AT alumni selected for prestigious Steadman Clinic residency


by Morgan Vuknic, Creative Services Student Writer

Katie Mast and Ryan Price at Steadman Clinic

For alumni Kaitie Mast (‘19) and Ryan Price (‘19), working in the athletic training field has always been their dream. Both have been a part of the Steadman Clinic’s residency program in Colorado since July, where they are gaining experience in a clinical setting and learning that there’s a lot more involved in athletic training. 

“We’re at the point now where we’re actually getting to assist during surgeries,” Price said. I think that’s the coolest part of this program because it’s very rare for athletic trainers to get to assist with surgery.”

Price said that being able to help during surgery is a unique experience. Through getting this hands-on experience, he said that him and Mast have been able to expand their knowledge of orthopedic and sports medicine.

Mast said that the clinic allows all residents to work closely with many different doctors and to build a relationship with them. Due to this, there is a sense of community among everyone, even though they may not all work together all the time. She said everyone works to support each other, which makes it easier to care for patients.

“My favorite part of the program is the sense of community in the clinic,” Price said. “We’ve all become a community and it surprises me how close people are even across different doctors and teams. Everyone is well- connected. We support each other; we back each other up; we do little things here and there for each other, but really at the end of the day, it’s all for our patients.”

Due to the Steadman Clinic’s national prominence, Mast said it’s common for big name athletes to come into the clinic along with everyday people. She said that it has been a great experience being able to treat these well- known athletes, but they are still patients and at the clinic, they are taught to treat every patient equally.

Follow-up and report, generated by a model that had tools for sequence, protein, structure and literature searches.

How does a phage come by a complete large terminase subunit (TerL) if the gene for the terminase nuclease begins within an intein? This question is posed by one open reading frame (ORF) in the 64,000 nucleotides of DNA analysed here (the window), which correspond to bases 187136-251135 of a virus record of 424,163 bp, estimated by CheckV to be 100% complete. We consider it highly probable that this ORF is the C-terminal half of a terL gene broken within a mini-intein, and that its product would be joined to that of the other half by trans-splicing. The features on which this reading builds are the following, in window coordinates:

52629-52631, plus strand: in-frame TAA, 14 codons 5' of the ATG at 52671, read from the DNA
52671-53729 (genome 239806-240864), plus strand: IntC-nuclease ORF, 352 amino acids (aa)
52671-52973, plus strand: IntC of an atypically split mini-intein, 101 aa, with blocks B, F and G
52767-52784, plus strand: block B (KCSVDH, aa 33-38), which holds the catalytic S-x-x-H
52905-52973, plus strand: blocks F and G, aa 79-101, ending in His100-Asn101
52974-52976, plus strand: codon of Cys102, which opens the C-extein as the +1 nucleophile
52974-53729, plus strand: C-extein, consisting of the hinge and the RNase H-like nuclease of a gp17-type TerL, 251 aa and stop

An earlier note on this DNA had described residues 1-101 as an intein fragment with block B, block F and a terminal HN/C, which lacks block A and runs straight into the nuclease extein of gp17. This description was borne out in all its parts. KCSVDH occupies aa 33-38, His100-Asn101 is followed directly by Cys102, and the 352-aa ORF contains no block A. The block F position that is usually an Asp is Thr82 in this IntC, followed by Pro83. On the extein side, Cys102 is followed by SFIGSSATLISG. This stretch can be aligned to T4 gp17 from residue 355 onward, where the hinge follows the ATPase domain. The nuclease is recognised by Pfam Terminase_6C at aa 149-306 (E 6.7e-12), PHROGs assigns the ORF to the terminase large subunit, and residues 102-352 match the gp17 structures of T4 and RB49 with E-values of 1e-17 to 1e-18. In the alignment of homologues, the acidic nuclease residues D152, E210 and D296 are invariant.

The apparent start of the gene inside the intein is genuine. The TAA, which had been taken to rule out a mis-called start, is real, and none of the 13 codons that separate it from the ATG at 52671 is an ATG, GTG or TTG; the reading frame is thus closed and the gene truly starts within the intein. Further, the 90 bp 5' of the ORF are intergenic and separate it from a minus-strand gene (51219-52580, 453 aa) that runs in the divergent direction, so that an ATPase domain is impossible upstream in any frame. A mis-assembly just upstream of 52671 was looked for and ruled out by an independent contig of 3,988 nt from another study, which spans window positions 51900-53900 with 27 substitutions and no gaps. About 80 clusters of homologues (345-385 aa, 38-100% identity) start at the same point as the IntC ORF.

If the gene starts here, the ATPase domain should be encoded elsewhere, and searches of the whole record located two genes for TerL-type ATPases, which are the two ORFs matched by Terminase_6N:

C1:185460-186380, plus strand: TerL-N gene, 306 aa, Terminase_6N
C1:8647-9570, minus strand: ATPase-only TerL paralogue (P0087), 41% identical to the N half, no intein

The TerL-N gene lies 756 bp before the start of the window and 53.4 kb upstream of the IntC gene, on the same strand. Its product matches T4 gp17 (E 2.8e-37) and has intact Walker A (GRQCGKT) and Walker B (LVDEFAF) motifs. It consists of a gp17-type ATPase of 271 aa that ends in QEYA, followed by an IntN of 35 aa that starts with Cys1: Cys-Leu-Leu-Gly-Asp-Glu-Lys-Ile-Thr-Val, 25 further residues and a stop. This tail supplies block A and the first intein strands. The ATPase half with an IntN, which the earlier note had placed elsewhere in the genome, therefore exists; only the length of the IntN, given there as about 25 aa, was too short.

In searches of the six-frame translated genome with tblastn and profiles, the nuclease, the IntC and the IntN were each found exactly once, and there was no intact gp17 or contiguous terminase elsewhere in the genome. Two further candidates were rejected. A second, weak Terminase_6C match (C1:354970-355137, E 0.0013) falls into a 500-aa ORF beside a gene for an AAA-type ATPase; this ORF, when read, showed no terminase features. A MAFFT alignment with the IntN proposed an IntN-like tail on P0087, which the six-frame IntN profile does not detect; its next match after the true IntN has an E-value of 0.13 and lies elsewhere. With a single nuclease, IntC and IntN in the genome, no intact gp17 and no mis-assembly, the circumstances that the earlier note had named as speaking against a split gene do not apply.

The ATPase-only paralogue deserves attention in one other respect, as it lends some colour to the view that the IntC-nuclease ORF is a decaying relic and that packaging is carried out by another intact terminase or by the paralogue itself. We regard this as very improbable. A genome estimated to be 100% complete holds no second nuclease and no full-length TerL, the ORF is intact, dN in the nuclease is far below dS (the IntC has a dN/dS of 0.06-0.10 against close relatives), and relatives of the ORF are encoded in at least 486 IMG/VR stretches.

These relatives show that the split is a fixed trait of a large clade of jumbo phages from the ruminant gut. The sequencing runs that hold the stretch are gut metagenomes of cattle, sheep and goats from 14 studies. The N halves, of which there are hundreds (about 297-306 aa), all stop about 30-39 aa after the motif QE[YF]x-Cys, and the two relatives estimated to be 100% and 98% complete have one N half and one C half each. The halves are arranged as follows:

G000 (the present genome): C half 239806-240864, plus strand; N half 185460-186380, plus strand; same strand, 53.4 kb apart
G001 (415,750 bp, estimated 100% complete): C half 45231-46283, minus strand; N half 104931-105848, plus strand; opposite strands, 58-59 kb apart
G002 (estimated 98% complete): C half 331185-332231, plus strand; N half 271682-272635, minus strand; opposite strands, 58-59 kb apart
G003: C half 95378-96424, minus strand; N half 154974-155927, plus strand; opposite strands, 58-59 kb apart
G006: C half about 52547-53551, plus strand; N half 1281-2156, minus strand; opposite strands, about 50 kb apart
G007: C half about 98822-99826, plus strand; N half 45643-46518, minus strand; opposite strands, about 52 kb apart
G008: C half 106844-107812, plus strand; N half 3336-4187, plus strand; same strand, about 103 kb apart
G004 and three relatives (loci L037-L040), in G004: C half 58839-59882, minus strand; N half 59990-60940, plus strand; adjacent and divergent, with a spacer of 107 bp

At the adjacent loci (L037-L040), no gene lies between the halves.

“One of the first things we were taught when we got here was to roll out the red carpet for every patient whether they be a big name or someone local,” Price said. “I try to make every patient have a positive visit and make sure that they know that we’re here for them and that we’re always accessible.” 

With the constant influx of patients, days at the Steadman Clinic are often long and hard. Mast said to be in the athletic training profession, you have to love what you do. She said that the work is hard, but having a community and a mentor is an easy way to find support and to share the workload. 

“You have to be a hard worker and you have to love what you do,” Mast said. “In athletic training, you work long hours and a lot is expected of you. But I love my job so it never feels like an obligation and it doesn’t feel like a fourteen hour day.”

Mast and Price agree that their time at JMU prepared them for their residency at the Steadman Clinic. Mast said she does not think she would be where she is today in her career without the connections she made at JMU. She said professors in the athletic training program pushed them to take advantage of every learning opportunity that came their way. 

“Our time at JMU prepared us for any type of setting,” Price said. “Something that’s really hammered into us is the idea of lifelong learning. You don’t have to go into a setting knowing everything about it but as long as you know your resources, who you can reach out to, how to find the information you need and that you continue the process of learning wherever you go, then you’re going to be successful.” 

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Published: Monday, January 24, 2022

Last Updated: Thursday, January 4, 2024

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